A necklace that will leave her speechless!
This exquisitely detailed meteorite pendant is carved in 3D and is an exact replica of the Aristarchus Plateau; home to the brightest of the Moon's largest craters that also happens to be deeper than the Grand Canyon!
"I Love You To The Moon And Back" is engraved around the pendant, encircling the genuine pieces of the Moon contained within!
The pendant is made from solid sterling silver and measures approximately ⅞" in diameter and just over ⅛" deep, and the moon meteorites (which may vary in color from the photos) are encased under a scratch-resistant crystal face.
• Solid sterling silver pendant and chain
• Engraved with "I Love You To The Moon And Back"
• Contains 60-100mg of genuine moon meteorites/dust (from NWA 11273)
• Meteorite pendant measures 2.6cm x 2.2cm (approx. ⅞" x ⅛")
• Stamped with the maker's mark and sterling silver stamp
• Includes a 20-inch .925 sterling silver chain
(18" + 2" extender)
• Comes in an elegant black wooden gift box
• Includes a certificate card of authenticity
• Handmade in The United Kingdom
About the Aristarchus Plateau:
The Aristarchus Plateau fascinated lunar observers long before the space age began due to its unusual shape and low and high reflectance extremes. The plateau features a spectacular channel, or rille, and the very young Aristarchus Crater. Aristarchus is the brightest of the large lunar formations, with an albedo close to double most of the moon's features. The crater is so bright that it is visible to the naked eye and displays unusually bright features when viewed through a telescope. The lava flows of Oceanus Procellarum surround the plateau, with the region hosting a high concentration of sinuous rilles. The largest of them is Vallis Schroeteri, which is also the largest sinuous rille on the moon. The plateau is nearly completely covered by one of the largest lunar regional pyroclastic deposits on the moon, and due to its geological complexity and resource potential, the Aristarchus region is poised to be a potential future landing area for lunar missions. This area is also noted for a significant number of reported transient lunar phenomena, as well as recent emissions of radon gas as measured by the Lunar Prospector spacecraft. Authentication Information The moon rocks contained within this pendant were collected from a larger lunar meteorite.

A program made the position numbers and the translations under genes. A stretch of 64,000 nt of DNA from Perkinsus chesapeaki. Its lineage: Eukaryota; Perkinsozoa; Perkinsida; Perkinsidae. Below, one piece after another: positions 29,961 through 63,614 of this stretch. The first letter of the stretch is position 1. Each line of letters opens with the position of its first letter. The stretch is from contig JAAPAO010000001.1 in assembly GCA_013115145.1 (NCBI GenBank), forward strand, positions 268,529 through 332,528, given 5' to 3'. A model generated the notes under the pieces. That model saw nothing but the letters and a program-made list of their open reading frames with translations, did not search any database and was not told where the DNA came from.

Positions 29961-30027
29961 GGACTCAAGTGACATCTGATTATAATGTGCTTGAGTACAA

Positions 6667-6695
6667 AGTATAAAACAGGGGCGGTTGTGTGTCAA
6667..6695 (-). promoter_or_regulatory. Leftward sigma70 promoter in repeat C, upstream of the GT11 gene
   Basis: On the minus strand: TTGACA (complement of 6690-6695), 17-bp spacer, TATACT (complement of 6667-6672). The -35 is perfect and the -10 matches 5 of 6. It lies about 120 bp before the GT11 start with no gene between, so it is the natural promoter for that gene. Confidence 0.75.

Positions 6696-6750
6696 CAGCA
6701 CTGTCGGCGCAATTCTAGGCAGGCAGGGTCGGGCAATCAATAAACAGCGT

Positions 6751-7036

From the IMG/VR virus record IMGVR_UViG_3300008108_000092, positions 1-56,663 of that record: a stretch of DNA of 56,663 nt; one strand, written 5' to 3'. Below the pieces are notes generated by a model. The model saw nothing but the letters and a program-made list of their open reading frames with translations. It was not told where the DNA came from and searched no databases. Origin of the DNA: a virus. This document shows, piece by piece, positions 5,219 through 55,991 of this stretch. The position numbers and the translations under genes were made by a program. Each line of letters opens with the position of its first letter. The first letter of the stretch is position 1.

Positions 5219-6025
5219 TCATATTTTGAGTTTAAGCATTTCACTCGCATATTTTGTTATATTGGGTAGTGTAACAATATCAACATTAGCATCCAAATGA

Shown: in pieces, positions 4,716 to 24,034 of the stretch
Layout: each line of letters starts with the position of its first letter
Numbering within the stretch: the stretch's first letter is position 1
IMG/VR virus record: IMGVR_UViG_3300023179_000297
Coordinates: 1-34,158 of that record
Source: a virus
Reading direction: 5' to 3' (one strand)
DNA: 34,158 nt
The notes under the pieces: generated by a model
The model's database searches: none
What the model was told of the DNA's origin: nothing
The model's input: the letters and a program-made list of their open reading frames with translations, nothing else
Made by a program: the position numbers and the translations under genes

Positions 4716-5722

How did the meteorites in this necklace come to Earth?
Our moon is covered in craters, caused by space debris crashing into the surface of the Moon during the course of its long life. When a sizable object impacts the Moon the force of the impact flings debris into space, some of which eventually finds its way to Earth after getting caught in Earth's gravitational pull and tumbling through our atmosphere, landing on the surface of our Earth. When a lunar rock lands on Earth like this, it becomes known as a meteorite! Hunters and collectors search out meteorites, and if they are especially lucky they find a lunar meteorite. Lunar meteorites comprise less than 1% of all meteorites found on Earth!
The moon rocks within were collected while cutting a lunar meteorite. It was sourced from one of the world's most respected collectors of planetary meteorites in the world. The meteorite has been analyzed and authenticated by a top laboratory and given the official meteorite registration number NWA 11273, and a complete analysis and composition breakdown of this meteorite is publicly available on the International Society for Meteoritics and Planetary Science website.
It was my anniversary gift to my girlfriend, she absolutely loved it. Thanks a million!
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